Ola Unveils New Electric Scooter With Video Showing CEO Bhavish Aggarwal Riding It Through Bangalore

Ola has been building up to its new electric scooter for months now, and customers finally have a first look at what the vehicle will look like.

Ola has unveiled its new electric scooter in a video featuring CEO Bhavish Aggarwal. The video says it’s from a recent Sunday morning in Bangalore, and shows Aggarwal taking the Ola bike for a spin. The video shows Aggarwal driving the bike around the streets of Bangalore, and claims such as “incredible speed”, “ergonomic seating” and “supreme ride comfort” flash on the screen. The video ends with him having a cup of coffee as he shows off the bike to admirers.

It’s a slick teaser, but is scant on details — Aggarwal only says that the bike goes from 0-60 “faster than you can read this tweet”, and doesn’t mention the bike’s range or top speed. Crucially, there’s no indication of how much the bike will cost.

Over the last few months, Ola has embarked on an ambitious electric bikes project. It has announced a Rs. 2,400 crore investment in building the world’s largest EV scooter factory in Tamil Nadu, and said that it’ll set up a charging infrastructure with 1 lakh charging points in 400 cities across India. Ola says its factory will have a capacity to produce 1 crore vehicles per year.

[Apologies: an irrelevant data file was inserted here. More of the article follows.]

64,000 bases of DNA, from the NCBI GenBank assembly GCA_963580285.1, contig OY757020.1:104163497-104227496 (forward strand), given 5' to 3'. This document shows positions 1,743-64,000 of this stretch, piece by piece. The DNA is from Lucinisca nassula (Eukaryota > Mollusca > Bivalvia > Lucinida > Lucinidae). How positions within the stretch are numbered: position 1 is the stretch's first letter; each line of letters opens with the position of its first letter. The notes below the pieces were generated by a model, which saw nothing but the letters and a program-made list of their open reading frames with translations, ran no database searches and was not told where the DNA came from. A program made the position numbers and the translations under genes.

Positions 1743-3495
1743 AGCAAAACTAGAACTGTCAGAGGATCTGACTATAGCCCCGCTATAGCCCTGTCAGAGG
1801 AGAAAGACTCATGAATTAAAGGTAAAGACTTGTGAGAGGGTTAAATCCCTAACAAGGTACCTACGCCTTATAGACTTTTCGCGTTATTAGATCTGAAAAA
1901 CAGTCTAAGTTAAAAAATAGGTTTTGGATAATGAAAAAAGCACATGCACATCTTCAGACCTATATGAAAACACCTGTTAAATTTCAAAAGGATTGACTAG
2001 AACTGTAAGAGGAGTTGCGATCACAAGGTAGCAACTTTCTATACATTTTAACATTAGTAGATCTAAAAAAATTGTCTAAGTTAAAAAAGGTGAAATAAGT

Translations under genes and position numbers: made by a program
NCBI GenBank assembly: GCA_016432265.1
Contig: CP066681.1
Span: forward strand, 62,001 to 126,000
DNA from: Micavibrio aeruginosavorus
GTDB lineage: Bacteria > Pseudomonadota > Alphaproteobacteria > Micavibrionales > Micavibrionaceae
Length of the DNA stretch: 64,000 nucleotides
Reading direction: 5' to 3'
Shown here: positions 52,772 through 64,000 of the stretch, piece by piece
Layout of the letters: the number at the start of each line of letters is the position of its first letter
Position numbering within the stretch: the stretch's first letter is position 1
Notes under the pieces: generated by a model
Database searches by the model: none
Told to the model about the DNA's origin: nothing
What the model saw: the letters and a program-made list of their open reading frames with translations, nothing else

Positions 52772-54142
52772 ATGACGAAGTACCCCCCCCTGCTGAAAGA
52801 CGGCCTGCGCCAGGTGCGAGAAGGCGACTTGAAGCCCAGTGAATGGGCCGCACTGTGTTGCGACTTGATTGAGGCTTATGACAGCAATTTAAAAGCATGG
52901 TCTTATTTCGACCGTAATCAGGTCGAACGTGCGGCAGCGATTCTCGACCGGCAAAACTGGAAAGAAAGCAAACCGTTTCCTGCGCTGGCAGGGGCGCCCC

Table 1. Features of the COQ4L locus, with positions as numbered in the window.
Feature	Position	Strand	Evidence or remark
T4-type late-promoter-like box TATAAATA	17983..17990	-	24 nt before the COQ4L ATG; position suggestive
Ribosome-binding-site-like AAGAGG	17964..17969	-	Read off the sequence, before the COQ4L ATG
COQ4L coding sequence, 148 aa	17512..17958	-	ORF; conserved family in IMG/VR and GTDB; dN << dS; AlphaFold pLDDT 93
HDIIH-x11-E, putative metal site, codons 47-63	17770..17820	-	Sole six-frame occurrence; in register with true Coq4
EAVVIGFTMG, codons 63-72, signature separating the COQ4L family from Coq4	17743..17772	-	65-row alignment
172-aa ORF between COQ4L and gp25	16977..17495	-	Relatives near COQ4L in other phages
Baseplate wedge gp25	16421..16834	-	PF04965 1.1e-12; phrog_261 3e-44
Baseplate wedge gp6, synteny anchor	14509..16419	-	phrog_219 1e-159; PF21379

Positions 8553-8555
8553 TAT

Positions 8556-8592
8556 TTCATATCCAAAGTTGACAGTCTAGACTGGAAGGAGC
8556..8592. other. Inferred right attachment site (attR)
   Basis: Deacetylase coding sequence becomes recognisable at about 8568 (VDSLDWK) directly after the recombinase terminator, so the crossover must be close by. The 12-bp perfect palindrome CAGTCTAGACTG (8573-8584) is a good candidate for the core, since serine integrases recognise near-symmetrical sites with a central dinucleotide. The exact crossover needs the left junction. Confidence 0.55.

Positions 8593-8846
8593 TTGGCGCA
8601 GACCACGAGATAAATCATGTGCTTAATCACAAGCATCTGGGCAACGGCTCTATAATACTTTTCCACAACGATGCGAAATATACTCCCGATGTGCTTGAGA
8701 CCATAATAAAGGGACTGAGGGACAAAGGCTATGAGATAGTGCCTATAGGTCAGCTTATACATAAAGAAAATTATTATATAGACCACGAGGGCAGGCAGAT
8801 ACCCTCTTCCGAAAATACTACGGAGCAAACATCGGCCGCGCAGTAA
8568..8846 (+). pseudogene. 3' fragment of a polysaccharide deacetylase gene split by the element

These are some big numbers, but the fact remains that India’s electric scooter market — at the moment — is minuscule. In February this year, the entire industry, put together, had sold just 6,059 scooters. Hero Electric had the biggest market share, selling 2,201 scooters, and was followed by Okinawa which sold 1,059 scooters, and Amere which sold 800 scooters. Bangalore-based electric scooter startup Ather Energy was fourth having sold 624 scooters in February. In comparison, Honda Activa, which is India’s top-selling petrol scooter, had sold 1.09 lakh units this April.

Credit: Rushlane

With the entire industry having sold 6,059 bikes in February, Ola’s production target of 1 crore bikes a year does look ambitious, but there are trends that could help accelerate adoption. Petrol prices are rising, and the government’s FAME subsidies have meant that electric bikes, in spite of their higher initial costs, are more competitively priced against conventional bikes than before. If Ola can can price its bikes competitively, and provide a robust charging network that makes the bike easy to use, it can potentially make a dent in India’s electric bike space.